2016: Disaster Health
James M Shultz, Andreas Rechkemmer
No abstract text is available yet for this article.
2016: Disaster Health
James M Shultz, Zelde Espinel, Maria Espinola, Andreas Rechkemmer
The 2013-2016 West Africa Ebola virus disease epidemic was notable for its scope, scale, and complexity. This briefing presents a series of distinguishing epidemiological features that set this outbreak apart. Compared to one concurrent and 23 previous outbreaks of the disease over 40 years, this was the only occurrence of Ebola virus disease involving multiple nations and qualifying as a pandemic. Across multiple measures of magnitude, the 2013-2016 outbreak was accurately described using superlatives: largest and deadliest in terms of numbers of cases and fatalities; longest in duration; and most widely dispersed geographically, with outbreak-associated cases occurring in 10 nations...
2016: Disaster Health
H Katherine O'Neill, Andrew J McLean, Renetta Kalis, James M Shultz
In the spring of 2009, the Fargo, North Dakota, metropolitan area had 5 days to lay millions of sandbags to avoid devastation from record flooding of the Red River of the North. The community was able to successfully mitigate the flooding and escape potentially catastrophic economic, physical, and mental health consequences. We hypothesized that Fargo flood protection efforts reflected the community resilience factors proposed by Norris, Stevens, Pfefferbaum, et al. (2008): citizen involvement in mitigation efforts, effective organizational linkages, ongoing psychosocial support, and strong civic leadership in the face of rapidly changing circumstances...
2016: Disaster Health
Christiana D Atkins, Harvey J Burnett
This study examined the relationship between having training in key disaster behavioral health (DBH) interventions and trauma health (compassion fatigue, burnout and compassion satisfaction), resilience, the number of crisis responses participated in within the last year, and the frequency of assembling to practice crisis interventions skills. Data was collected from a convenience sample of disaster behavioral health responders (N = 139) attending a training conference in Michigan. Measures included the Professional Quality of Life Scale, the 14-item Resilience Scale, and a demographic questionnaire...
2016: Disaster Health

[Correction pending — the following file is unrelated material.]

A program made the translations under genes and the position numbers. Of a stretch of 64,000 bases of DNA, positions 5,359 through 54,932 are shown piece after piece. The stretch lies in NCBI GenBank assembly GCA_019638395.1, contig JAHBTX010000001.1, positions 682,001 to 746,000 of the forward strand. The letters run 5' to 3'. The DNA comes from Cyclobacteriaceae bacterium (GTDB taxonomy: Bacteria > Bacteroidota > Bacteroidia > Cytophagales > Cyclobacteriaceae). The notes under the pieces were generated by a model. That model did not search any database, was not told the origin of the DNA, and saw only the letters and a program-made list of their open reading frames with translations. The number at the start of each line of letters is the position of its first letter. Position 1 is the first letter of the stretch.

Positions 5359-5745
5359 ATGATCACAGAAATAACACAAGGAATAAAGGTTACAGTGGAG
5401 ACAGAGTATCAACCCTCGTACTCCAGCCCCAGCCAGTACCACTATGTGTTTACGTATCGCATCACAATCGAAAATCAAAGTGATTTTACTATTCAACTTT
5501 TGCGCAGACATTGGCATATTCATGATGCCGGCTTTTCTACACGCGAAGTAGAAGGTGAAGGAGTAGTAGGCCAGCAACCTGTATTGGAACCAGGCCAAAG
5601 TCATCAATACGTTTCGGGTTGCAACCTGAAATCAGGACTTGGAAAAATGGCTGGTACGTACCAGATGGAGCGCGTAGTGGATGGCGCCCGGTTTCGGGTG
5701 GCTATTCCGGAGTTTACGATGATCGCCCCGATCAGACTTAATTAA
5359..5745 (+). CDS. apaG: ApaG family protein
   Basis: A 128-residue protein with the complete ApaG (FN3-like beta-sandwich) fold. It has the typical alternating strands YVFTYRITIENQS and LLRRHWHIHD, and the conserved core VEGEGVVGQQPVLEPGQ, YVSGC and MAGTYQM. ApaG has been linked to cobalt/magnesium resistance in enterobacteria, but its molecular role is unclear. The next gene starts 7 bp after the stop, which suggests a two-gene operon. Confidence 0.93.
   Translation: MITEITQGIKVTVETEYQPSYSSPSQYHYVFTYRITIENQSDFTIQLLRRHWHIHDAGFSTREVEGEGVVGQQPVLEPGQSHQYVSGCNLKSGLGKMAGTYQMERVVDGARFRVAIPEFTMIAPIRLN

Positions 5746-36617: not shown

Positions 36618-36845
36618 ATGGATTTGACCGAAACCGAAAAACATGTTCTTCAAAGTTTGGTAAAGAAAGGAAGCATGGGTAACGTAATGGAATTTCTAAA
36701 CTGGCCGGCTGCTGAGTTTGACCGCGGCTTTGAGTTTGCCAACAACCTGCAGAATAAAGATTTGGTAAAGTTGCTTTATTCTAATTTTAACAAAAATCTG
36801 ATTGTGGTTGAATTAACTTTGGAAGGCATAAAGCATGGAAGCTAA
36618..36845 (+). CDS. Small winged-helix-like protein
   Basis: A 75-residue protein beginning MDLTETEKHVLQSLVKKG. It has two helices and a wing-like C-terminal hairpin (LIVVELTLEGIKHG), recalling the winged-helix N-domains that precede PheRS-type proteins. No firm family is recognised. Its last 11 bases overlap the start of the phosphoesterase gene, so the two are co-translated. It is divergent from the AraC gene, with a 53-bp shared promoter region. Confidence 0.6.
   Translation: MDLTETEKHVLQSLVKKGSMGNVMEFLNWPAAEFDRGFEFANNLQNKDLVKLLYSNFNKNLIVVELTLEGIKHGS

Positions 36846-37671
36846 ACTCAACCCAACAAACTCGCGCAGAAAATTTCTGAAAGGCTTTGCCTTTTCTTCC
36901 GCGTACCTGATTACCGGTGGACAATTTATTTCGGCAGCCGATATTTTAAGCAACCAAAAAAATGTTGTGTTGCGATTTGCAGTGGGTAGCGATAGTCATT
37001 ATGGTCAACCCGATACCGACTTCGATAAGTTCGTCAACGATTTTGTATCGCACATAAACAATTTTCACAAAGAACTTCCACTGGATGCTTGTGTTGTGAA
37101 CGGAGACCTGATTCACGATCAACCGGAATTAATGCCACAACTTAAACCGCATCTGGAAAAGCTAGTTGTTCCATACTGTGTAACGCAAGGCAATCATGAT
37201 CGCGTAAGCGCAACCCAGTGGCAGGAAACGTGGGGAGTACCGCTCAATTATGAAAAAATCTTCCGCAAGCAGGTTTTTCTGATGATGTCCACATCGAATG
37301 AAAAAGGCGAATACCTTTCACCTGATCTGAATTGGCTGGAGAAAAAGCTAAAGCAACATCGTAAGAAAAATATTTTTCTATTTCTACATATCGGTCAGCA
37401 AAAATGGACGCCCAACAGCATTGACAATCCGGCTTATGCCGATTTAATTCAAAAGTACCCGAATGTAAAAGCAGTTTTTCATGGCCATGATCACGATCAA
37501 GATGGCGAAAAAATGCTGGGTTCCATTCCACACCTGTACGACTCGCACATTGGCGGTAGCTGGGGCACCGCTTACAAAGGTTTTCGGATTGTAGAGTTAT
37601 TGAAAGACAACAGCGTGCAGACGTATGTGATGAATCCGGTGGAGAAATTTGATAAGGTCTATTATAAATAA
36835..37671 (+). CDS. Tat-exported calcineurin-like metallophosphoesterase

Rose L Pfefferbaum, Betty Pfefferbaum, Yan D Zhao, Richard L Van Horn, Grady S Mack McCarter, Michael B Leonard
This article describes an application of the Communities Advancing Resilience Toolkit (CART) Assessment Survey which has been recognized as an important community tool to assist communities in their resilience-building efforts. Developed to assist communities in assessing their resilience to disasters and other adversities, the CART survey can be used to obtain baseline information about a community, to identify relative community strengths and challenges, and to re-examine a community after a disaster or post intervention...
2016: Disaster Health
James M Shultz, Madeline A Cohen, Sabrina Hermosilla, Zelde Espinel, Andrew McLean
In contrast to continental nations, the world's 52 small island developing states (SIDS) are recognized as a collective of countries that experience disproportionate challenges for sustainable development related to their geography, small size, and physical isolation. These same states also face elevated risks for disaster incidence and consequences particularly in the realms of climate change, sea level rise, natural disasters (tropical cyclones, earthquakes, tsunamis, volcanoes), and marine hazardous materials spills...
2016: Disaster Health
James M Shultz, Maria Paz Garcia-Vera, Clara Gesteira Santos, Jesús Sanz, George Bibel, Carl Schulman, George Bahouth, Yasmin Dias Guichot, Zelde Espinel, Andreas Rechkemmer
This disaster complexity case study examines Spain's deadliest train derailment that occurred on July 24, 2013 on the outskirts of Santiago de Compostela, Galicia, Spain. Train derailments are typically survivable. However, in this case, human error was a primary factor as the train driver powered the Alvia train into a left curve at more than twice the posted speed. All 13 cars came off the rails with many of the carriages careening into a concrete barrier lining the curve, leading to exceptional mortality and injury...
2016: Disaster Health
Alison Schafer, Leslie Snider, Rania Sammour